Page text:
I've got an Address Book Archive (.abbu) file that I backed up a while ago. For some reason some of my contacts got deleted, and I know they're in this backup. I have also changed and added some contacts since the backup (about 4 months ago). I'd like to know if there's a way to open up this archive without replacing all of my contacts and then maybe somehow compare the two address books to see what contacts I need to carry over.
.abbu backup is all-or-nothing. vCard exports are not. Here's the approach I would take:
- Select all your contacts
- File > Export > vCard > Export vCard…
- Save it somewhere.
- File > Import… your old .abbu archive, replacing everything
- File > Import… your previously saved vCard archive
- Address book will now allow you update your old archive with your new vCard information. You will have the option to Review Duplicates…
PS. Just to be safe, i'd also export a new
.abbu archive first (not replacing the old one) just in case there are some vCard quirks I'm not aware of and you've mucked things up. ;-)
I know this topic is old but I think this might help to future user inquiries.
I basically start as ghoppe:
To identify the changes on the Contacts DB respect to a previous backup:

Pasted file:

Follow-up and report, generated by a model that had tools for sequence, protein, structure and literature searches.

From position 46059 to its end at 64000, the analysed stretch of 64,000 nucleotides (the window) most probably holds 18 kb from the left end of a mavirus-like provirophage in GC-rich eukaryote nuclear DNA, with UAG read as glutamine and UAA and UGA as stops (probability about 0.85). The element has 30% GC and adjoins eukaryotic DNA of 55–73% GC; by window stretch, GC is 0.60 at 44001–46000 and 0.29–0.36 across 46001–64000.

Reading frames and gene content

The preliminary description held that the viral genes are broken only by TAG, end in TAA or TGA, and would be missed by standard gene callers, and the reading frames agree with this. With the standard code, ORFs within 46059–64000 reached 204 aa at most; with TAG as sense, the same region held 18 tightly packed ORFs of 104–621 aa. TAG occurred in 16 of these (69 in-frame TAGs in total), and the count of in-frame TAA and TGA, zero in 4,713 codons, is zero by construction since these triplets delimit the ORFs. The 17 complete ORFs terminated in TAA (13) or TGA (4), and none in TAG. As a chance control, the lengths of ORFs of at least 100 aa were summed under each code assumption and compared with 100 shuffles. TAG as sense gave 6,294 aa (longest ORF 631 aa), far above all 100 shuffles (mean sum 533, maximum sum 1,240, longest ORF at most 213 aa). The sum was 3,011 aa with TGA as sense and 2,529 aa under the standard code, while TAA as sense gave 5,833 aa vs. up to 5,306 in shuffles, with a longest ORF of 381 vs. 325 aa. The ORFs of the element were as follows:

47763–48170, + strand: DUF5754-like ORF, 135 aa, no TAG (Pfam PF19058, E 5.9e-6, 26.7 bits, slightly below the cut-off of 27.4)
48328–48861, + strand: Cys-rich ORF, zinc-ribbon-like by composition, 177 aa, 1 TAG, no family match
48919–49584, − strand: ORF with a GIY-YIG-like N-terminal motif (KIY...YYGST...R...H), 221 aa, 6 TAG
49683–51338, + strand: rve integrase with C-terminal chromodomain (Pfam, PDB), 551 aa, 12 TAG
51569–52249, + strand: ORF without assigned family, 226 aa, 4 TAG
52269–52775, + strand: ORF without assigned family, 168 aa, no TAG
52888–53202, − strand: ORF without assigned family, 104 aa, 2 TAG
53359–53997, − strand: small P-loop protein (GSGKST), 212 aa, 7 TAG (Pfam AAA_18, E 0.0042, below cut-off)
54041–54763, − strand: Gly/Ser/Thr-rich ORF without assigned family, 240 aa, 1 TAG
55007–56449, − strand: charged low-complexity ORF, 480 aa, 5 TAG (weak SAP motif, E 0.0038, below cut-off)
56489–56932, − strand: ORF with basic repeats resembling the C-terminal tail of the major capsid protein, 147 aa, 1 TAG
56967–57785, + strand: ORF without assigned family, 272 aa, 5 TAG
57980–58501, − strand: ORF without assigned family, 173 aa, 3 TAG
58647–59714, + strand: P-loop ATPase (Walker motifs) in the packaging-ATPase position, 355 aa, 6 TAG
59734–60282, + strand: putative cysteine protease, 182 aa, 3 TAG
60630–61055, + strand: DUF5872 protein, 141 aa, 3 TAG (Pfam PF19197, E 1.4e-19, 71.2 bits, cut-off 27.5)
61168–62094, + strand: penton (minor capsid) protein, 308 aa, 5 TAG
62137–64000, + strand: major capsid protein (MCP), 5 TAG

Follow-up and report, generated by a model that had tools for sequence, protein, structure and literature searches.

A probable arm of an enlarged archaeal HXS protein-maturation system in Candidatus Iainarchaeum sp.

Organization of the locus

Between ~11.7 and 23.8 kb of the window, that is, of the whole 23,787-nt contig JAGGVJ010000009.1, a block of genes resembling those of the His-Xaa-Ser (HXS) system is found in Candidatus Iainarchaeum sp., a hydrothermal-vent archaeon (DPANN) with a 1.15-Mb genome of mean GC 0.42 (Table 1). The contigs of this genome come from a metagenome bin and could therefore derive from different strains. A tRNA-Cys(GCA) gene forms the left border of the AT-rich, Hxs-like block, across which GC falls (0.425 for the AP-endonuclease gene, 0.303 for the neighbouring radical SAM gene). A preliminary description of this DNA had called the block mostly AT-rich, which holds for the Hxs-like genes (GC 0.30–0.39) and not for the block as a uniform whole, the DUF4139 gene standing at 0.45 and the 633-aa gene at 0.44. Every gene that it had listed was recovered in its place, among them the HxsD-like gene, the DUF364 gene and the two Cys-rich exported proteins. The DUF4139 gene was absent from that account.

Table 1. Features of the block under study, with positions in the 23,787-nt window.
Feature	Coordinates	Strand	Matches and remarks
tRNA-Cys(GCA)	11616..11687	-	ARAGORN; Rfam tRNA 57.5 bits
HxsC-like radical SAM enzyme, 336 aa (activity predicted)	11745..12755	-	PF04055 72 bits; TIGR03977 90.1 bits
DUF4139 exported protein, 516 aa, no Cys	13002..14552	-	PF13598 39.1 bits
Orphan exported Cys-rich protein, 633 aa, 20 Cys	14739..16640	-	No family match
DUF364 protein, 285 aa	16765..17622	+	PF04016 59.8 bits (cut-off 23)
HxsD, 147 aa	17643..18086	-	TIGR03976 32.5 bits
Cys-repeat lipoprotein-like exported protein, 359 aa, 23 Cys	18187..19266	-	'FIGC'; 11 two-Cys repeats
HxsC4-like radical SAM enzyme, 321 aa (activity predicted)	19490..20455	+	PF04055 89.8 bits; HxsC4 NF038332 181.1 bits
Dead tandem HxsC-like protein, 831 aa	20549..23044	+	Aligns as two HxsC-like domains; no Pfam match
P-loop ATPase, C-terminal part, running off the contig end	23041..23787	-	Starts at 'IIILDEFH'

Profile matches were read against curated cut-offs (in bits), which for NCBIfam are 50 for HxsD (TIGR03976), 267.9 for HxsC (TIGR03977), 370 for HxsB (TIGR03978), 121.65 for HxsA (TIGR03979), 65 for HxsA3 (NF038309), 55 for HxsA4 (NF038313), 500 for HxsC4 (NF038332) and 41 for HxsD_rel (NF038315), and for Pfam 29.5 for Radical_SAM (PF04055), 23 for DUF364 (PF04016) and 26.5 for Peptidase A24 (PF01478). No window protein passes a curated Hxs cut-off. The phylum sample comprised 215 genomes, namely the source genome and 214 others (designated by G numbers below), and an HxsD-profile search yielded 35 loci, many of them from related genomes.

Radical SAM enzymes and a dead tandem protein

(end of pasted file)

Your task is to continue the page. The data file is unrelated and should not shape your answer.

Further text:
- Do "File > Export > Address Book Archive..." (to have a good backup)
- Select all your contacts and do "File > Export > Export vCard". Save this in after.vcf
- File > Import… your old .abbu archive, replacing everything.
- Select all your contacts and do "File > Export > Export vCard". Save this in before.vcf
Open a shell and execute the following line:
diff after.vcf before.vcf | egrep "(<|>) N:" | sort -k 2 | uniq -c -i -s 2 | tee dif.txt | wc -l && cat dif.txt
This will first list a line indicating the number of distinct records (e.g., after a "Remove Duplicates") and then the list of the entry names of those records (each line preceded by the number of repetitions of that line). E.g.:
2 4 < N:John Smith;;; 3 < N:Cath Jones;;;
It means two different names, four repetitions of the first one and three repetitions of the last one.
I hope this help. Certainly it helped me to identify what cards where merged when looking for duplicates.